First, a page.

How Can the Irish Construction Industry Become Less Fragmented and More Productive?


  • Philip Toland
  • David Collery



Lean, delivering education, Barriers, Project Management, Irish Construction Industry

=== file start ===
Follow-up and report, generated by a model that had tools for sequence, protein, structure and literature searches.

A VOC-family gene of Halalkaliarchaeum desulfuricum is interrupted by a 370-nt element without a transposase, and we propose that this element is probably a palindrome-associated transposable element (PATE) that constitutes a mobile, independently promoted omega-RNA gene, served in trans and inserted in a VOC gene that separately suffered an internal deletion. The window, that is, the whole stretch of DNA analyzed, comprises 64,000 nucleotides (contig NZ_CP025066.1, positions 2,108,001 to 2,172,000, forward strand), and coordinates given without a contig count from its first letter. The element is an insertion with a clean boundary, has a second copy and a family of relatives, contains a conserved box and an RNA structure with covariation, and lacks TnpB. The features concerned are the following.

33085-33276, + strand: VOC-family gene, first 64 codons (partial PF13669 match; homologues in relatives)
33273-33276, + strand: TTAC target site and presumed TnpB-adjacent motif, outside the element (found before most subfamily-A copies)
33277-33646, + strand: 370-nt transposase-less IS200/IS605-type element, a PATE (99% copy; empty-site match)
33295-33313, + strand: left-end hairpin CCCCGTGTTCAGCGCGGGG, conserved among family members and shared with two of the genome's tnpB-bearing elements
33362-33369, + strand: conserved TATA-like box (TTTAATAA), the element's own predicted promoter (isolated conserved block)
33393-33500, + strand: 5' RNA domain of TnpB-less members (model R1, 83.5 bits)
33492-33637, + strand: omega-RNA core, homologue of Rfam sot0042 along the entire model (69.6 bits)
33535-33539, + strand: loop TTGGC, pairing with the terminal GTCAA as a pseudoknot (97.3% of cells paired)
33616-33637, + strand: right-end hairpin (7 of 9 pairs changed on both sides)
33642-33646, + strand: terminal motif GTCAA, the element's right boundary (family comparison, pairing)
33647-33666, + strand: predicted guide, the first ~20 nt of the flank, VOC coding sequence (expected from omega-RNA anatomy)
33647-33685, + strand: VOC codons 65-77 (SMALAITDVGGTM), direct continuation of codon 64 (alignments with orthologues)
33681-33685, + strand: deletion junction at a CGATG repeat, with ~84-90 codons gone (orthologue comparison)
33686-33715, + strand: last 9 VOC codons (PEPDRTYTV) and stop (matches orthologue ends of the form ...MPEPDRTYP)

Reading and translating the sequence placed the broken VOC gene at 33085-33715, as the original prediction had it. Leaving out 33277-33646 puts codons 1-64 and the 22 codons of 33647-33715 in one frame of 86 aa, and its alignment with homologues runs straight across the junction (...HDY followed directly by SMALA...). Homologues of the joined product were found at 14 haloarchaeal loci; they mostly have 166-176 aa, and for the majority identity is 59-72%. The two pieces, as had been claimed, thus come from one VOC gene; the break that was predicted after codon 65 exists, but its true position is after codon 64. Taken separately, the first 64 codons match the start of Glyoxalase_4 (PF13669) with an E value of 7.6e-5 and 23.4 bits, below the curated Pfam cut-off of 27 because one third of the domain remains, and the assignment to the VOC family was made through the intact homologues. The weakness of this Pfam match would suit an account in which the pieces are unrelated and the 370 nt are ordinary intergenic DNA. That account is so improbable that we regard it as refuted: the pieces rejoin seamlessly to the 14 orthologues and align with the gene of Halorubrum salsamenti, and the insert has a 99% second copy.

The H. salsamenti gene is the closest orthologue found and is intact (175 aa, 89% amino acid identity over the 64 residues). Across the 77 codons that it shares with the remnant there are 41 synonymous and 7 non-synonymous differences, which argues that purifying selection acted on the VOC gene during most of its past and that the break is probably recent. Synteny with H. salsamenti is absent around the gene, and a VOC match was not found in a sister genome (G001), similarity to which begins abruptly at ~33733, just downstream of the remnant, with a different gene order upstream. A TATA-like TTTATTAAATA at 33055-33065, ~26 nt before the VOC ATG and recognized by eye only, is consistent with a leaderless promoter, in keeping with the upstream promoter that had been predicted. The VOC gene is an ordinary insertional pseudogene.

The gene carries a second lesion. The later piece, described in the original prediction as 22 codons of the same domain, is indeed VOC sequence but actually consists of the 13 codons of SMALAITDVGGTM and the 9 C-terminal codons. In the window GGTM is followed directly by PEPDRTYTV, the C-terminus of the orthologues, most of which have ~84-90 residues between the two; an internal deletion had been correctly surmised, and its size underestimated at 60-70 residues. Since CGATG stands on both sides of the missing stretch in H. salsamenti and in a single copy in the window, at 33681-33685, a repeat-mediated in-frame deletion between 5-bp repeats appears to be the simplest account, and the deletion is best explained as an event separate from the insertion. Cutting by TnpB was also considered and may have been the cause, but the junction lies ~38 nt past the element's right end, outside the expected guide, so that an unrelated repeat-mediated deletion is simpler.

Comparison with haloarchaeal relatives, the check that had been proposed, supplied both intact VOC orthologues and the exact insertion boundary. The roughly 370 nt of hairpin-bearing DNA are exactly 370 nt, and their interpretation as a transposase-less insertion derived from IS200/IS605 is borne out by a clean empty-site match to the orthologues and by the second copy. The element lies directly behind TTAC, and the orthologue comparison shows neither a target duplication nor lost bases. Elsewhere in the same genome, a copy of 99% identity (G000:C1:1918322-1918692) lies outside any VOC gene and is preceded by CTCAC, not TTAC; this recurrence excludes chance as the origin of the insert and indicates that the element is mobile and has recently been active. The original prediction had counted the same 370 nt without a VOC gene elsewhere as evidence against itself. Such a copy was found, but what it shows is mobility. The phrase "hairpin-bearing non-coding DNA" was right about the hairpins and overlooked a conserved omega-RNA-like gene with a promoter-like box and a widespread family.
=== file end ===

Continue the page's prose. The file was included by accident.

Globally the Construction Industry is in a fragmented state and the Irish Construction Industry (ICI) is no exception. The ICI has a history of delivering National infrastructure projects over time and over budget. Irish Government publications have identified that low productivity within the ICI is a prevalent issue. Lean construction (LC) is proposed in this research as an antidote to assist the ICI in becoming less fragmented and more productive. Research indicates that successful incorporation of lean methodologies can cut completion times by 30% and costs by 15%. Further research demonstrates that Construction Industries (CI) are lacking the education required to implement lean methodologies. There is a lack of awareness within the ICI regarding the principles and benefits of lean. Lean Construction Ireland (LCI) membership numbers are increasing at a glacial pace. Traditional project management techniques that are autocratic in nature and focus on critical path items and milestones are extensively used in the ICI. These techniques prioritize measuring metrics such as commercial performance which means measuring other performance related metrics such as workflows slip down the order of seniority. This approach conflicts with the principles of lean and limits the opportunity for continual improvement. There is therefore a requirement for government, management, leaders and all project stakeholders to change their way of thinking regarding their project management techniques and embrace change. Aligning these stakeholders will strengthen the entire Irish Construction Supply Chain and only then will the benefits of lean be fully realized. Building Information Modelling (BIM), whilst not technically a lean tool shares multiple characteristics of lean and is further vehicle that can assist in this transition. The results suggest that with enhanced education in lean, alignment of project stakeholders, an overhaul of traditional project management techniques and heavier incorporation of BIM that a shift towards lean and higher productivity is possible for the ICI.